“Um,” I play with my mouse. Who named it a mouse? I rename it. I play with my computer Twinkie. I move the Twinkie around and click a few times. Names come up. Yeah, this is what I do. I do background checks on potential city employees. That is what I do. I also masturbate in the bathroom on Fridays. During lunch. That is my stress ball, my relief, my get-me-through-pill. Don’t tell.
“Got it,” I say. He eyes me a bit longer than I am comfortable. I give him a thumbs up. He’s still there. I give him two. And a grin. He slightly adjusts himself and walks away.
A job like this goes by easier if you use subtle tricks. I pretend I am a movie director. Do some searches. See the character, see the profile. Then back hunt. Tie plot to the dialogue. The dialogue has to talk about the character. The character has to build and evolve to make that connection. What are we connecting to? What is it? You remember how it all ties together, the Lego fit points, the end marks, how he or she makes the connection. You get information. You usually get information you’d rather not know.
Name: Houser, Joel
Position Applying for: Sanitation engineer.
Red Flags: Late on power bill payments. 1999 to Present.
What’s a red flag? My bosses don’t want to watch the whole epic. They just want the hot points, the juicy sex, the gun fights. I search through applicants records, looking for things that might hinder their job performance, their reliability, their trustworthiness. I am the guy that…..you don’t care, do you? I pull up a list of anonymous Red flags.
Red Flags: Convicted felon.
Red Flags: Hospital records (multiple suicide attempts)
Red Flags: Extremely low GPA at the University of Illinois.
Red Flags: Complicated Divorce (Ant Farm).
I stop. I move the Twinkie. The curser rolls over “Ant Farm”. Double click. Another screen pops up. I get more information. I get the shiny highlights, the widescreen version.
Name: Samples, Jules
Position applied for: Social Worker.
Ant Farm? You ever get that feeling? That you know you are going to do something you really, really shouldn’t do? Like break a huge rule? One you’ve never broken before? Like using your job to pick up women?
“Hello,” She says hello. I should hang up. Just put it down. Put what down? That thing. It’s in my hand. God, what is it?
“Hello?” She says it again. New connotation. How do you spell that?
“Mrs. Samples?” I ask.
“Is it Mrs. or Ms?”
“I’m not sure. I don’t think about it.”
“I’m with City Services. How are you doing today?”
“Oh, shit.” I hear her drop something, fumble a bit.
“Is this a bad time?”
“No, no,” she says. “I’ve been waiting for your call.”
“I’m not calling to confirm your application,” I say. But it sounds awkward. “I’m not the one who will tell you that you got the job. That’s sounds awkward, doesn’t it? I just need some more background information.”
“Oh. Ok. That’s fine.”
“I’d rather not do this over the phone.” I feel bad, dirty. I feel like I do when I look at pornography, or really bad infomercials.
“We can meet somewhere? You’re office?”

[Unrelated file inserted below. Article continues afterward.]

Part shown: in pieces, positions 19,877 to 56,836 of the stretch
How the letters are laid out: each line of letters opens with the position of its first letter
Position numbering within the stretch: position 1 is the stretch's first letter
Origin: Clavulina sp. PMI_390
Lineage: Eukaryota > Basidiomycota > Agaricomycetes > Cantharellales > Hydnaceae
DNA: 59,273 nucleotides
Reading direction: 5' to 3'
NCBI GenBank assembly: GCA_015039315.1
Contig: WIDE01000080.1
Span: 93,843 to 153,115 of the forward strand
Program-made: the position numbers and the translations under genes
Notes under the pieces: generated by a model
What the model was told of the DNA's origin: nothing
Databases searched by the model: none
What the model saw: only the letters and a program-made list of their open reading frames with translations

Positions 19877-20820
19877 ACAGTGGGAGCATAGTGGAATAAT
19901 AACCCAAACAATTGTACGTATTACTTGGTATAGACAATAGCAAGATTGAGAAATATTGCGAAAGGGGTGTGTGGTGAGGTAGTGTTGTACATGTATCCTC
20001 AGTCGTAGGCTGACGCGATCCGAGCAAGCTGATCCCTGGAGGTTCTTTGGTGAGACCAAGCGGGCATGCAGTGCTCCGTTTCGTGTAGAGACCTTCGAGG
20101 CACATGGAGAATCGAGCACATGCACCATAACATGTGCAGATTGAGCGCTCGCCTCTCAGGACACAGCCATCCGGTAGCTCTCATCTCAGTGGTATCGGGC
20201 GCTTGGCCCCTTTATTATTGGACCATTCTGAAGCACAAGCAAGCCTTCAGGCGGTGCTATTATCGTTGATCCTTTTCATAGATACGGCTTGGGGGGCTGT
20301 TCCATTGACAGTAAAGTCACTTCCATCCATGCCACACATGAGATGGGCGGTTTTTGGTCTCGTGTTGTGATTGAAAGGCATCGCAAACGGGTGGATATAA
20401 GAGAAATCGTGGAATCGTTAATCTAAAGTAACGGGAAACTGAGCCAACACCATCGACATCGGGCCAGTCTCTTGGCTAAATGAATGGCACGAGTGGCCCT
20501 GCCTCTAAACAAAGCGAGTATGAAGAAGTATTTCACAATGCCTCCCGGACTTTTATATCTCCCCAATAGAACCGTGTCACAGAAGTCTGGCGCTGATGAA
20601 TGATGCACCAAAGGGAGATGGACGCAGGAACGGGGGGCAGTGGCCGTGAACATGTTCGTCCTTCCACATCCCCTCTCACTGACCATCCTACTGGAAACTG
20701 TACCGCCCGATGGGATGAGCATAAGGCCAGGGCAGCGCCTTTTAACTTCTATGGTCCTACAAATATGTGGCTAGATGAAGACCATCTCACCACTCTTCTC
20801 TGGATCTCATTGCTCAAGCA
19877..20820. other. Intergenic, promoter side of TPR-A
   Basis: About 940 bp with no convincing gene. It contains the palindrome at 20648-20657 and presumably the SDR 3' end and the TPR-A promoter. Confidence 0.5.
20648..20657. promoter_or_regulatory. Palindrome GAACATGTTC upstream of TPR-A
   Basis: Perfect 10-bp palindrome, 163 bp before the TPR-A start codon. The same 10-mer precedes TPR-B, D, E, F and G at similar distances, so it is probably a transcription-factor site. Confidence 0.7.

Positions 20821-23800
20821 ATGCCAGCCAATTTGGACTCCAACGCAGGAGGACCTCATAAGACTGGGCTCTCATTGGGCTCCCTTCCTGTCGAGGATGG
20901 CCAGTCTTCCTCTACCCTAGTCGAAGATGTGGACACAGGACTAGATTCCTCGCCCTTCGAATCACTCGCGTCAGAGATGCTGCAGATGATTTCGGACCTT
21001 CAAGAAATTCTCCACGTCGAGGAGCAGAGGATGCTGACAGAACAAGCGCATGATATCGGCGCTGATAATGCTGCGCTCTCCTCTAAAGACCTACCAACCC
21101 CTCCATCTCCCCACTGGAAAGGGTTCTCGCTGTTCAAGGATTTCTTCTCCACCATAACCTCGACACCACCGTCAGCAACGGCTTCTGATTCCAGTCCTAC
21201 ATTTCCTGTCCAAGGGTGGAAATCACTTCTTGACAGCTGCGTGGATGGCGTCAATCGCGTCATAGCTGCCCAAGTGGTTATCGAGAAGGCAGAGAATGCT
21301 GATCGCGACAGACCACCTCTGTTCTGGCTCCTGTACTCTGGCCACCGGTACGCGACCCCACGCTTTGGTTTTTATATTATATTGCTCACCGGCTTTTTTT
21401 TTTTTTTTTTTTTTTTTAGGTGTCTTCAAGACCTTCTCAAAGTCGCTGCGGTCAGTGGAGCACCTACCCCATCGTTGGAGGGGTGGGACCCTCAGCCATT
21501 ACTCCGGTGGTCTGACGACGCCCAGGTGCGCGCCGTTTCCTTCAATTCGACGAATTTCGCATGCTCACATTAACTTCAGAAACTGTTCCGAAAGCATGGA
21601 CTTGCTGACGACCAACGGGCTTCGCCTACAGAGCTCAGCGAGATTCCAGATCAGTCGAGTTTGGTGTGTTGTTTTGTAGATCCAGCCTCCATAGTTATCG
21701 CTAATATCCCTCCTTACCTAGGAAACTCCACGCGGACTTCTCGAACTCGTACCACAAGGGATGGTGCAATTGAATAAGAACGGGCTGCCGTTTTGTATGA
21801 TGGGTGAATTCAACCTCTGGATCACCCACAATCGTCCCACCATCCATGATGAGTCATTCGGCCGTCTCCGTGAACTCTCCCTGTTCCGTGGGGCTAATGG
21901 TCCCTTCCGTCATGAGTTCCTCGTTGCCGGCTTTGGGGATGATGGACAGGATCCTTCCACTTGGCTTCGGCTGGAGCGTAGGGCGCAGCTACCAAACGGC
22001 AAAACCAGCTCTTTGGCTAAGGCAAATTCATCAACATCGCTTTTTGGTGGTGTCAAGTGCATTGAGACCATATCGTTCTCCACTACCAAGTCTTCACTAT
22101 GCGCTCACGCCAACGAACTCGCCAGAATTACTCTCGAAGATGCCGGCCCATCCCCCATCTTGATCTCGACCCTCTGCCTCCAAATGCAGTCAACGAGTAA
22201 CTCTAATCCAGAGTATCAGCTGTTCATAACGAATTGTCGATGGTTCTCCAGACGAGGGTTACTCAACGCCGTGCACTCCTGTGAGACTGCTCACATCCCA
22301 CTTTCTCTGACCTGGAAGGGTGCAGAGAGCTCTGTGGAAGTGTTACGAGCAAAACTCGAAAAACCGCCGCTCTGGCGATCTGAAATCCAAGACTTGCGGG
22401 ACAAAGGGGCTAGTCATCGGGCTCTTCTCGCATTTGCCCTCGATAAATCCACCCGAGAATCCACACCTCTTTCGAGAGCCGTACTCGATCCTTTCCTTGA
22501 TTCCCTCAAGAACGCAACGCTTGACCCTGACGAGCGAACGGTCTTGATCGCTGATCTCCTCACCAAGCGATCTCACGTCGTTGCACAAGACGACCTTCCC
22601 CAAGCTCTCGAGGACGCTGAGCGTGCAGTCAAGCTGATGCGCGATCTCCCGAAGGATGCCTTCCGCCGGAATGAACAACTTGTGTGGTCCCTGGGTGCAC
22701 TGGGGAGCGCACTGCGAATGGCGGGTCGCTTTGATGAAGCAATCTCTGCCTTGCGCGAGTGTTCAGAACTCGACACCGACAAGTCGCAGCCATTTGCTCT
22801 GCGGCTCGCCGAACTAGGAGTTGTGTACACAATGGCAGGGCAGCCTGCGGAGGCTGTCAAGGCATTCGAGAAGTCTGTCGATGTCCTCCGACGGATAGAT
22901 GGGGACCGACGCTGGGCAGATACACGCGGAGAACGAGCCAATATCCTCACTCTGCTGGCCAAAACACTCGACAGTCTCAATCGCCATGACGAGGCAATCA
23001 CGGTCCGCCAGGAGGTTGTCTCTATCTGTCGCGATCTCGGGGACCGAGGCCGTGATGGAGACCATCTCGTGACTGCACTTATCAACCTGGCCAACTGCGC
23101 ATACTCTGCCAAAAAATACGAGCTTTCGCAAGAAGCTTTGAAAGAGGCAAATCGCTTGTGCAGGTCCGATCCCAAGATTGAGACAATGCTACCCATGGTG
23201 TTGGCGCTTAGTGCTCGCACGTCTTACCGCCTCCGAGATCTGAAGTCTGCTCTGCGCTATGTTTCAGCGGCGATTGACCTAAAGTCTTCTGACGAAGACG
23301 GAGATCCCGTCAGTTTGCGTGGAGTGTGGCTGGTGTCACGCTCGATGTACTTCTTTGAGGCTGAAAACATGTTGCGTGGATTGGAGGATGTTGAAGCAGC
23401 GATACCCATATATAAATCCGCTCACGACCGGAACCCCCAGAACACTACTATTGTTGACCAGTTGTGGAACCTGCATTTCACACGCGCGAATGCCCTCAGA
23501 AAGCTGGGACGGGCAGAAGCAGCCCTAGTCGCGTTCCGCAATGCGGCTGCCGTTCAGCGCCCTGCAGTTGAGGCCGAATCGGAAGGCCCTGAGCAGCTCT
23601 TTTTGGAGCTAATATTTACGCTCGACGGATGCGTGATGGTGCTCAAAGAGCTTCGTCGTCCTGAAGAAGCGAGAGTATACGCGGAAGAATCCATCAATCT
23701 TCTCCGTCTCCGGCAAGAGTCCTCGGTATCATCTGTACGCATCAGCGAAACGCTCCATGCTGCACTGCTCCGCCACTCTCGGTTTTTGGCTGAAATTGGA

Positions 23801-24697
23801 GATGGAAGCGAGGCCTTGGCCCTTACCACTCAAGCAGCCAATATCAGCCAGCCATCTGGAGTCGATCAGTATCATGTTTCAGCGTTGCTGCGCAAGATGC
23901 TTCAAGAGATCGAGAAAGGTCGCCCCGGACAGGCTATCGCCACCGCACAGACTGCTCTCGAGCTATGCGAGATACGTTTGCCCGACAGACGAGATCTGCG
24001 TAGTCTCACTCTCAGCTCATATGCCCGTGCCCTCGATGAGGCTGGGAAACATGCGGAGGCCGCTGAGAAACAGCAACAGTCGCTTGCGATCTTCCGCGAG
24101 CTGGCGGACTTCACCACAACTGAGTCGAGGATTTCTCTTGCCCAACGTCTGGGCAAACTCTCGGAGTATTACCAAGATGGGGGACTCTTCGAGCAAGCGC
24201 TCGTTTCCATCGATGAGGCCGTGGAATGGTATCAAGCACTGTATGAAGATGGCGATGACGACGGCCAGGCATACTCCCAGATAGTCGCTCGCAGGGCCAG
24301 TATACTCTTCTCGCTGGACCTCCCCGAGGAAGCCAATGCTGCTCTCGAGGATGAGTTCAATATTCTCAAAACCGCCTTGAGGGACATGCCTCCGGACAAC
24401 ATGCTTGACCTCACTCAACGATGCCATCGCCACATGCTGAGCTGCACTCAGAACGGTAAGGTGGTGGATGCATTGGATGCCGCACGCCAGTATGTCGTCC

“No, no,” I say. “They are repainting the walls, applying fresh coats, starting over. Smells like a chemical bath in here. You like tea? You drink tea?”
“I like tea.”
“There is a new tea shop across the street from the court house. It’s like a coffee shop, but with tea. Herbal teas.”
“What will they think of next?” she says. Oh, god. A cliché.
“Tomorrow morning, around 10?” I ask.
“Yeah, that sounds great. Let me write it down.” I hear scribble. I hear her sigh. I hear some weird rap music.
“Tomorrow morning at ten,” she says.
“Tomorrow morning at ten.”
“What is your name?” she asks.
“Milton.” I say.
“Milton. Got it.”
“Bye.” I hang up. I look around. Everyone’s face is at their screens, like good little puppies. Yes. I think Yes. I need this. I need to do this. This isn’t wrong, because I need to do this and there is something in that, the fact that I called and she answered. And she won’t think anything strange about anything, ever.
“Milton!” I jump. I turn. There is Wallace. You remember? My boss’s ass. Assistant.
“Yes,” I say. He stares. I stare back. He stares longer. I sweat. He winks.
“Want to get lunch?” he asks, both thumbs in the air high.
We go to this weird place near the center of town. It takes a ten minute cab ride to get there, and I worry vaguely about time, us being late and eating beyond our lunch hour. Wallace doesn’t seem to care, and that means I refuse to care. He even, before we sit down, tells me that I hope I am hungry.
“Dinner’s on the City’s dime, brother,” Wallace says. He calls me brother. Would wanting to kiss him be incestuous? And are these real homosexual feelings or just plain gratitude? When did my life become not-simple? I order a water.
“We are about to become privatized, I think,” Wallace says. “There. Now it is officially a work lunch.”
“Are we becoming privatized?” I ask.
“I barely know what privatized means,” Wallace says.
“I’ve been struggling with remembering stuff, too.” I sip the water. Wallace leans back in the chair and looks at me for longer than I want him to.
“What?” I ask.
“How long have we known each other?” he asks.
“And in that time, how many lunches have we had together.”
“I’m not a reliable source of information,” I say.
“Doesn’t that bother you?” he asks.
“What happened to comradary?” He cracks his knuckles. He takes his class of ginger ale and downs the whole thing in one, massive, manly gulp. “What happened to men wanting each other’s company? What happened to hunting prey, killing the beast, eating the heart to ingest its strength?”